Opinion & Features

After 37 years, a Falklands War statue returns from Britain to Argentina

Pope Francis, Bishop Santiago Olivera, and Bishop Paul Mason with the statues (CNS)

A statue of the Blessed Virgin Mary has been returned to Argentina nearly four decades after invading troops carried it with them to the Falkland Islands. 

Forces Bishop Paul Mason handed over the replica of Our Lady of Luján to Bishop Santiago Olivera of the Military Ordinariate of Argentina following a request from Argentine war veterans to give it back. 

In return, the bishop was given another replica of Our Lady of Luján, Patroness of Argentina and of the Argentine army, by Bishop Olivera. 

Pope Francis, the former Archbishop of Buenos Aires, oversaw the exchange and blessed both statues. He was visibly moved by a plaque honouring the war dead of Argentina presented to him during the ceremony after his general audience and appeared to wipe away tears. 

Argentine troops brought the statue of Our Lady of Luján with them for protection when they invaded the Falklands in April 1982. 

They kept it in a Port Stanley church. But after the garrison surrendered on June 14, 1982, it was flown to England and put in the Catholic Military Cathedral of Ss Michael and George in Aldershot, Hampshire, to serve as a focus of prayer for the 255 British and 649 Argentine servicemen who died in the 10-week conflict.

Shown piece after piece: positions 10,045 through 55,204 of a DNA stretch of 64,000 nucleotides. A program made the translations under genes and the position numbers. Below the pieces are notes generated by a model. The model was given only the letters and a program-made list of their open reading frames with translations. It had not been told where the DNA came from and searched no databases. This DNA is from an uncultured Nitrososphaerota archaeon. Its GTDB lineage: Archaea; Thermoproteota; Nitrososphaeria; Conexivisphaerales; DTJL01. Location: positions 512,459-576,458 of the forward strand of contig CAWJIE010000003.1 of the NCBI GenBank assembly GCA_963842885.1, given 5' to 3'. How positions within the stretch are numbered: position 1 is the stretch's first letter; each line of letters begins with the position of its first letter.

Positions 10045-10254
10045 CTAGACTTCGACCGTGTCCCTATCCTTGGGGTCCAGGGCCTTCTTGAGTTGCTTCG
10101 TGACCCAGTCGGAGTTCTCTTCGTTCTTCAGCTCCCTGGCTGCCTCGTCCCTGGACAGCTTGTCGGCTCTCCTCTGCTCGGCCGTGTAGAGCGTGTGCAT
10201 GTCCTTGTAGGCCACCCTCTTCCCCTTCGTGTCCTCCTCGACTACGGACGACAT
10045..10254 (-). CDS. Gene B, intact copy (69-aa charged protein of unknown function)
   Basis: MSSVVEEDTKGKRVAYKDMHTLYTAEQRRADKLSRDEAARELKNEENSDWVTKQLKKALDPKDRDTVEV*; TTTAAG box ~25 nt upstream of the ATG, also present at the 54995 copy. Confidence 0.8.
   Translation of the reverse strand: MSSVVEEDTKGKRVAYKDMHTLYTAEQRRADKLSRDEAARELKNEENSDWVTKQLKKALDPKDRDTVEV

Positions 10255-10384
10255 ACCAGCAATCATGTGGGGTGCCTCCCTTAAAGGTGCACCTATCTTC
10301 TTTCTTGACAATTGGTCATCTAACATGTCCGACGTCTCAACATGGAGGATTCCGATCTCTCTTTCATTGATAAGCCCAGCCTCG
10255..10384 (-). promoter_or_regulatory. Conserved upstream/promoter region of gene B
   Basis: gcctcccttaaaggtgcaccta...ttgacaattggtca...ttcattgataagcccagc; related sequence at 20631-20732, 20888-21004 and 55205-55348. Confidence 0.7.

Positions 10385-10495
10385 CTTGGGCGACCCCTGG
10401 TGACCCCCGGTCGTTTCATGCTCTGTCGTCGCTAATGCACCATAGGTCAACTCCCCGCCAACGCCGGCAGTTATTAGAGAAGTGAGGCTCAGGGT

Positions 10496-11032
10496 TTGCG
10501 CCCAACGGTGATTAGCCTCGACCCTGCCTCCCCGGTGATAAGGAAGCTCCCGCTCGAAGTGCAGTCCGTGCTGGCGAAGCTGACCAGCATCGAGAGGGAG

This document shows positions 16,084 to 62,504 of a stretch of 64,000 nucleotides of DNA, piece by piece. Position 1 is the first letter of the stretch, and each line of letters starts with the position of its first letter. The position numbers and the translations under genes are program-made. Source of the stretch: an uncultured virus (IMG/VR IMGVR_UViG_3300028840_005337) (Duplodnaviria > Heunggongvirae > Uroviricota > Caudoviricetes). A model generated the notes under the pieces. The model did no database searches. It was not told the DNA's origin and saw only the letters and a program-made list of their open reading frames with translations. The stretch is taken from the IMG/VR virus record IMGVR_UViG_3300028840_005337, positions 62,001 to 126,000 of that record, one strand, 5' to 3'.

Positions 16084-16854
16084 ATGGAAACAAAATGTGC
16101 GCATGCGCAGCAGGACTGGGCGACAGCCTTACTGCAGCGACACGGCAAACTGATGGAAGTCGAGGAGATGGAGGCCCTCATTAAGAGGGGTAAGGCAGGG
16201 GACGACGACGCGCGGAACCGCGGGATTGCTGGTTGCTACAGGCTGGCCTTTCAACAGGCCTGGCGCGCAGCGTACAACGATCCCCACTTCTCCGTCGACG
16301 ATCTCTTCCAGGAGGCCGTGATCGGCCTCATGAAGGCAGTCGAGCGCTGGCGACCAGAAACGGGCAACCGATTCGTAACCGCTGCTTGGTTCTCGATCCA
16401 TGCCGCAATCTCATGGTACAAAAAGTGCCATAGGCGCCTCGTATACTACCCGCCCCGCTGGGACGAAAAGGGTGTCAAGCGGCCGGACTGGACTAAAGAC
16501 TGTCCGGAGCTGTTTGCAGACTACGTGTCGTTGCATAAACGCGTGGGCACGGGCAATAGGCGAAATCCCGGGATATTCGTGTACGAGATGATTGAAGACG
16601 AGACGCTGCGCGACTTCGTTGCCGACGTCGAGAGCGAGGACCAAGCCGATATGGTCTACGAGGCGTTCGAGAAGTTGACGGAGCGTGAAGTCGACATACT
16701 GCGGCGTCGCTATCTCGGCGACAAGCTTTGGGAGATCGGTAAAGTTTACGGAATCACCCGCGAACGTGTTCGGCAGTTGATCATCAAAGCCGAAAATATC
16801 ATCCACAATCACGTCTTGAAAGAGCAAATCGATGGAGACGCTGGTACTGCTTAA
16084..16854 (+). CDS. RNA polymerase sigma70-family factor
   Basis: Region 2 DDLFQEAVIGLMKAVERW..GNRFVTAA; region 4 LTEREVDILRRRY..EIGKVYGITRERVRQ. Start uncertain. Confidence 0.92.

Bishop Mason said both replicas would now be used to encourage the faithful to pray for the war dead. He said: “The statues will serve as an ongoing reminder to pray for all of those who fell in the Falklands War, while also giving us a symbol of unity in faith and an aid to our prayers for peace.” 

The original statue, which remains in Luján, was brought to Argentina from Brazil in 1630 by a settler seeking to reinvigorate the Catholic faith in the region of Santiago del Estero. 

According to tradition, the statue, a representation of the Immaculate Conception, was housed in the Luján region after an ox refused to carry it to its intended destination.